Laidlaw Archaeological Site

The Laidlaw archaeological site (Borden site number DlOu-9) is a pit trap used by pre-contact Indigenous peoples to hunt antelope and possibly bison as well.
Pronghorn, Close-up
The extinct American cheetah probably helped shape the pronghorn, for it is now the fastest mammal in North America (Corel Professional Photos).
Map of Laidlaw Site
Plan Map of Laidlaw Site (courtesy John H. Brumley).
Aerial View of Laidlaw Site
Aerial view of Laidlaw site (courtesy John H. Brumley).
Test Pit
Backfilled 1m wide by 2m long test pits within Feature 1 rectangular trap enclosure \r\n(courtesy John H. Brumley).

The Laidlaw archaeological site (Borden site number DlOu-9) is a pit trap used by pre-contact Indigenous peoples to hunt antelope and possibly bison as well. The site, discovered in 1982, is located on a terrace-like surface along the South Saskatchewan River valley wall in southern Alberta. There are four main features at the site. Feature 1 consists of two lines of stone converging towards and connected to a rectangular shaped stone enclosure. The two stone lines are 29 m and 35 m long while the enclosure forming the apex of the structure is composed of a well-defined band of stones, one to three stones wide and one or two stones in height. The enclosure's interior is 3.75 m wide at its westernmost end narrowing to 2.5 m at its easternmost end. The inside length of the enclosure is 7.1 m. Adjoining and just outside the easternmost end of the enclosure is feature 2, a circular mass of stones approximately 2.5 m in diameter. Features 3 and 4 are two tipi ring sized stone circles located in the near vicinity.

Two contiguous one metre square test pits were excavated within the rectangular enclosure and another two square metres within the adjoining circular mass of stones. Excavation within the enclosure revealed an upper cap of fine aeolian and colluvial sediments as much as 20 cm thick. Beneath lay a solid mass of large stones, several estimated to weigh well over 50 kg. The base of this mass of stone was encountered at an average depth of 80 cm below surface.

It appears that the surface stones outlining the rectangular shaped enclosure represent the base of a stone wall which surrounded a centrally excavated pit. Stones comprising all but the base of this surrounding stone wall collapsed inward, largely filling the excavated pit. Considering the amount of stone removed in excavation, it is estimated that this wall was originally some 80 to 100 cm in height. Thus, as originally constructed, the height from the bottom of the excavated pit to the top of the surrounding stone wall was probably at least from 160 to 180 cm. Excavation within the adjoining circular mass of stones indicated it probably represented a low stone walled structure that had also collapsed inwards. It originally was roughly large enough for a single individual to sit in comfortably.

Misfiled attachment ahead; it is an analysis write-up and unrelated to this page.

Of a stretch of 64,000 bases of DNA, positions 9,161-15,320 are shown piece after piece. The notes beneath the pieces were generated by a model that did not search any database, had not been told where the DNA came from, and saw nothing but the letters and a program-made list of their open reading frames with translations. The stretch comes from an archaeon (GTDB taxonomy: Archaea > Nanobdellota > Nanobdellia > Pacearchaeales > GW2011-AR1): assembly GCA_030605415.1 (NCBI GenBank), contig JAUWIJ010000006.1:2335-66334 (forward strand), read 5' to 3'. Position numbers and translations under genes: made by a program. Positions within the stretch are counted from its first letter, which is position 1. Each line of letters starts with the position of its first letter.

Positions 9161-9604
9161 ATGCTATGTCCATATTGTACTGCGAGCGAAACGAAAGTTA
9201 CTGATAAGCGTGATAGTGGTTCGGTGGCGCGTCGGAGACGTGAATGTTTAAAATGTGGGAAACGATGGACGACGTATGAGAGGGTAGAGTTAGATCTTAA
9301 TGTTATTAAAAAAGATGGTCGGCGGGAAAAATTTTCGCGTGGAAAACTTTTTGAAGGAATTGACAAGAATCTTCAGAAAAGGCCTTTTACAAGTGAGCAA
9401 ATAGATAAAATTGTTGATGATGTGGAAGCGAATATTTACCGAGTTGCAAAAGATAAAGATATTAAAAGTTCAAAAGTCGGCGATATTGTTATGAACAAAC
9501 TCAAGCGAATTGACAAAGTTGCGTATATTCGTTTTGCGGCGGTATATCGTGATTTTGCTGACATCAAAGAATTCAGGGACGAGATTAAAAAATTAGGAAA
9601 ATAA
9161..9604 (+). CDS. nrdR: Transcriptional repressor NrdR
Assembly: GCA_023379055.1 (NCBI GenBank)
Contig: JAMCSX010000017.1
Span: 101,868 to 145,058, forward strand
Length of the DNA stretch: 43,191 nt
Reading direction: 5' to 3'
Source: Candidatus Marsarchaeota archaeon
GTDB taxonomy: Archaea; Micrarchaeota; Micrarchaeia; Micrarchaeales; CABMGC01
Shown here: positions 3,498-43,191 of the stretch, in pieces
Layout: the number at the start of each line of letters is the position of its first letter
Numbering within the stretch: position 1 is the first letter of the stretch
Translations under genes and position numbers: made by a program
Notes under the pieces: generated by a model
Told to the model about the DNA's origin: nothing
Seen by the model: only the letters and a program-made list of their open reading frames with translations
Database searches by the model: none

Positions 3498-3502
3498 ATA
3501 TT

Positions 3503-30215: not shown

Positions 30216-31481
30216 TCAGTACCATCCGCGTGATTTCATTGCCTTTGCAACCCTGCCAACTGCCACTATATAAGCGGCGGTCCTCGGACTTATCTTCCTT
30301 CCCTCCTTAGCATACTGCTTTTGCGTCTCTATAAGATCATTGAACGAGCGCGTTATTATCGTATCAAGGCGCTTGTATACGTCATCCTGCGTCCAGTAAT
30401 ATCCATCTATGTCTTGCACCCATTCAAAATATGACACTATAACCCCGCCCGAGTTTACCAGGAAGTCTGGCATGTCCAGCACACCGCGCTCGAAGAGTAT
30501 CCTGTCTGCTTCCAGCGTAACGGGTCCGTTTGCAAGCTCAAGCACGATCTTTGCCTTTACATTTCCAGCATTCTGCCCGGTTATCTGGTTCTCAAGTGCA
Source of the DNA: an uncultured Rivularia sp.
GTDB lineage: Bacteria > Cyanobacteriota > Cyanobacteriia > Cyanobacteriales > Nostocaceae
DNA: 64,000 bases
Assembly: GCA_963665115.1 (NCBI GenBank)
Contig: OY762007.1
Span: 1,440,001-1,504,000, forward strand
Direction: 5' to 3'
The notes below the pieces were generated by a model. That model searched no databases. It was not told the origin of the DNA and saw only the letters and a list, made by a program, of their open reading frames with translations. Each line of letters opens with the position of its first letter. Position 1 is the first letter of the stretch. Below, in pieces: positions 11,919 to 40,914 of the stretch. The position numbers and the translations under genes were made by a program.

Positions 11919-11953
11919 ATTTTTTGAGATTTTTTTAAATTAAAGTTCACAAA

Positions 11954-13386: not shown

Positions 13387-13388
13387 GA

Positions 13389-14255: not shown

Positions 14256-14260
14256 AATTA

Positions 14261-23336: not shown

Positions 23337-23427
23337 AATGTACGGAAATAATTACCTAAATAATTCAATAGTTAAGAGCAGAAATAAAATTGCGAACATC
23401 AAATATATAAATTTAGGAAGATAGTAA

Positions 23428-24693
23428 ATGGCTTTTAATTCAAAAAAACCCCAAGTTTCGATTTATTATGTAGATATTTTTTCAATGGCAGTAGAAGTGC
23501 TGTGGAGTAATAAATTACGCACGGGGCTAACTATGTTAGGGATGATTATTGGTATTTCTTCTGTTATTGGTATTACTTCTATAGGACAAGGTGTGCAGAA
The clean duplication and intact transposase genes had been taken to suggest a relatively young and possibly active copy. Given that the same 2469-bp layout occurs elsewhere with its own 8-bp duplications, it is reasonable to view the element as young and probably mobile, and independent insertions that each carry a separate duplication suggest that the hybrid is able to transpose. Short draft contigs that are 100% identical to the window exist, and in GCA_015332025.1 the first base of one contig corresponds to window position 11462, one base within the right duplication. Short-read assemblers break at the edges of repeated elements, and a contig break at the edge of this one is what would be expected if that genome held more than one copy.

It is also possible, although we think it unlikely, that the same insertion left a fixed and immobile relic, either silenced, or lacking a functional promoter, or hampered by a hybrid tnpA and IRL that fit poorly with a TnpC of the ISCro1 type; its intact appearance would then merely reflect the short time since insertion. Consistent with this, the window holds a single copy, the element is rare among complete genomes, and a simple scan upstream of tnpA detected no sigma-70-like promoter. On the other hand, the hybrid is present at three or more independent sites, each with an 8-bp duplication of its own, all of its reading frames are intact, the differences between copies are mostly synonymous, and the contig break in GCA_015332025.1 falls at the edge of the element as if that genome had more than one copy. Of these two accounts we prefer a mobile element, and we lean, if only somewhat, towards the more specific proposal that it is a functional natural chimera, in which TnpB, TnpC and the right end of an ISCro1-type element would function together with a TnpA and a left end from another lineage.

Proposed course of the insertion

Excavations within the rectangular enclosure resulted in the recovery of 23 small pieces of bone, including five which are identifiable as to element and species. All five identifiable pieces are either definitely or probably Pronghorn antelope (Antilocapra americana). An examination of the wall thickness of the remaining fragments suggests that all but two resulted from fragmentation of antelope-sized ungulate elements. The remaining two fragments are of thicker bone and may be referable to a larger ungulate - probably bison. A radiocarbon date derived from those bone fragments yielded an age of 3420+/- 130 radiocarbon years before present. No materials were recovered in excavations within the adjoining circular mass of stones.

Historic and ethnographic sources for the northern Plains indicate that antelope were second only to bison in economic importance among many Indigenous groups. Antelope were apparently as numerous as bison historically and were also gregarious, making their hunting using communal kill techniques feasible. Based on its overall form and associated antelope faunal remains, the Laidlaw site is interpreted as analogous to antelope pit traps described by ethnographers (eg, George B. Grinnell and Clark Wissler) for various Plains Indigenous Groups. Although of minor importance in comparison to bison, antelope hides were preferred for their lightness in making certain clothing items. As well, their meat was important when bison were scarce or not available.

The Laidlaw site provides important evidence concerning the distribution, considerable time depth, and continuity of these historically documented hunting techniques. The collapsed low walled structure adjacent to it probably served to house an individual conducting shamanistic activities frequently associated with communal hunting events. The two larger bone fragments indicate the structure may have been used to trap bison (see buffalo hunt) as well.

See also: Northern Yukon Caribou Fences.

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Further Reading

  • P.M. Lubinski, "The Communal Pronghorn Hunt: A Review of the Ethnographic and Archaeological Evidence" in Journal of California and Great Basin Anthropology, 21(2) (1999); J.H. Brumley, "A Radiocarbon Date from the Laidlaw Site, DIOu-7" in Archaeology in Alberta 1985 (1986); J.H. Brumley, "The Laidlaw Site: An Aboriginal Antelope Trap from Southeastern Alberta" in Archaeology in Alberta 1983 (1984); G.B. Grinnell, The Cheyenne Indians: Their History and Way of Life (1962); C. Wissler, "Material Culture of the Blackfoot Indians" in American Museum of Natural History Anthropological Papers 5(1) (1910).